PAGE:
Posted by GPP on August 13, 2003
In Reply to: Webster's Dictionary... posted by R. Berg on August 13, 2003
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: : : : : Here's a link to an article about the new words included in the new edition of Webster's Dictionary. On a philosophic note, I know the language is bound to change but I can't help but feel like the barbarians are at the gate.
: : : : Interesting article. I love righteous indignation. I read somewhere that OED never deletes words.
: : : The careful distinction (or so my grade school teachers stressed) was that a dictionary was descriptive, not prescriptive, that it merely recorded the language AS USED BY A MAJORITY OF EDUCATED PEOPLE. (Emphasis added, because some new dictionaries throw away that clause.) To legitimize "alright" is just plain wrong. Only half-wits and ignoramuses make that mistake. No educated person would use that word. In fact, it's one of many litmus tests that determine if you are indeed educated. If you don't know the difference between "less" and "fewer," you are ipso facto a nincompoop, and will not be allowed to have a say in what goes into the dictionary. Likewise, the very real distinction between "disinterested" and "uninterested." I wonder if this new abomination allows the use of "alot," which would be the final straw. We'd have to have a book burning.
: : Now I'm afraid to post anything for fear of making a mistake. The best I've read recently is an e-mail from a coworker -- "Thank you for your corporation." It wasn't just a one-time slip up. An e-mail a day or so later had the same line. She probably makes more money than I.
: You too could make lots of money if you collected corporations.
I agree with all of these comments, and with the thrust of Robert Hartwell Fiske's review, but I do make a distinction between three different types of words objected to. Granting his point of the ephemerality of slang (e.g., far-out), and especially granting his dismay over real words being omitted to make room for junk, I don't particularly object to neologisms (e.g., dis, funplex, McJob, headbanger, dead Presidents, Frankenfood). Ignorant misspellings (e.g., alright, accidently, and bob's example 'alot') seem a lot more objectionable. Personally, I get even more freaked out by the dictionary accepting ignorant misusages (e.g., disinterested/uninterested, reticent/reluctant, predominate/predominant, enormity/enormousness, infer/imply, juggernaut/jigaboo [! Who'd 'a' thunk it?], vociferous/voracious, and bob's 'less/fewer' example). Is anyone on the eastern side of the Atlantic aware of the brouhaha here a year or two ago when Julian Bond, the head of the NAACP, had to personally intervene in the firing of a white staffer who was impolitic enough to innocently, and correctly, use the word '[word removed in order to comply with Google's Publisher Policy]rdly'? Thank god Bond speaks English. I don't think I know a single person under the age of 50 who knows that both 'affect' and 'effect' can be both nouns and verbs, or how to use either of them properly. (But with a red face, I have to admit I've been misusing the word 'peruse'--twenty lashes for me.)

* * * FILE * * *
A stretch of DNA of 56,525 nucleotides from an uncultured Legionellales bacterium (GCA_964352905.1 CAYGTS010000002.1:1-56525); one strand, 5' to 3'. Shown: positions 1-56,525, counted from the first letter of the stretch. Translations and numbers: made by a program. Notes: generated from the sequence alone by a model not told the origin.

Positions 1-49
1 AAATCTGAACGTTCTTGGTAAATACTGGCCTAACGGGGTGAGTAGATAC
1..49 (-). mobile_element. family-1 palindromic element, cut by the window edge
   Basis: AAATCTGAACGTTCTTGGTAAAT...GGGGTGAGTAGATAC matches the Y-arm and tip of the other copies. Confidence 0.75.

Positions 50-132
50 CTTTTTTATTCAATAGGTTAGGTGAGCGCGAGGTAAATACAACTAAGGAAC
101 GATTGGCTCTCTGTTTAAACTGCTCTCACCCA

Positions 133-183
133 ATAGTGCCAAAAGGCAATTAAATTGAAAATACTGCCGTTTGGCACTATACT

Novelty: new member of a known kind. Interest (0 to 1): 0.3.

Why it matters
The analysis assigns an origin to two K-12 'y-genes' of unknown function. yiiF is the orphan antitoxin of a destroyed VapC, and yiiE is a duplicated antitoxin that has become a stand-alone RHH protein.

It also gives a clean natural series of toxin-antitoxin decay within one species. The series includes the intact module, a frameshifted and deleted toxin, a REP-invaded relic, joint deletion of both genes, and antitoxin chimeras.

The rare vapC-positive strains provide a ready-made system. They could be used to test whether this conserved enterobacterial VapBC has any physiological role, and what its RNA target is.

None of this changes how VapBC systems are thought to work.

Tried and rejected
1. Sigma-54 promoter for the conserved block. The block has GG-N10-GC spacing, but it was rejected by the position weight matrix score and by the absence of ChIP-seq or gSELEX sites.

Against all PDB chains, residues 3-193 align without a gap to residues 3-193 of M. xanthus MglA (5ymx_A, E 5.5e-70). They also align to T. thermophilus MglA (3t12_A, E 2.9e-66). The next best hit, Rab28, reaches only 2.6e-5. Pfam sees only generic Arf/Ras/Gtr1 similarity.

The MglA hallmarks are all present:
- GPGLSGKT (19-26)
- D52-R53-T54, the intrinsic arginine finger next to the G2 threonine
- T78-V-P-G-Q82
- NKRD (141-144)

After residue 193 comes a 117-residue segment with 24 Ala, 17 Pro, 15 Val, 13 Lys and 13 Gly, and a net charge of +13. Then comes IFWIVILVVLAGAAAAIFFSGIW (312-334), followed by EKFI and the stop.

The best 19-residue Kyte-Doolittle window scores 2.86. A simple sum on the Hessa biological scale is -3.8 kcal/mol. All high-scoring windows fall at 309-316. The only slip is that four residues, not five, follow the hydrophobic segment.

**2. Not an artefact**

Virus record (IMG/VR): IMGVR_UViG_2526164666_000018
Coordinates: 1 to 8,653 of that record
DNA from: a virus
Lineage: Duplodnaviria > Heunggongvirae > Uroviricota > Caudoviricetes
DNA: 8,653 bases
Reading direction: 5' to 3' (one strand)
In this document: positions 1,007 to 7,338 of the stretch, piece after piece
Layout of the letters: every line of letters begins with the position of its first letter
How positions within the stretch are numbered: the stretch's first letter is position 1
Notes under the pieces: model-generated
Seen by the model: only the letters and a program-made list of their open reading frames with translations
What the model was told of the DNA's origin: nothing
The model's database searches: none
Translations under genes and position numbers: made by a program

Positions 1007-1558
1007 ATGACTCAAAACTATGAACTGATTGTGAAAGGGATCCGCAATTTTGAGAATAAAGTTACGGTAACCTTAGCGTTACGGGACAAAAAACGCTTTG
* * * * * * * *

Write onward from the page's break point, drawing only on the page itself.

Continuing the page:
Does anyone other than me still say EXquisite rather than exQUISite, HOSpitable, PREparatory, etc? Americans, at least, are seemingly incapable of accenting the first syllable of any multisyllabic word. I cringe whenever I hear forMIDable or apPLICable.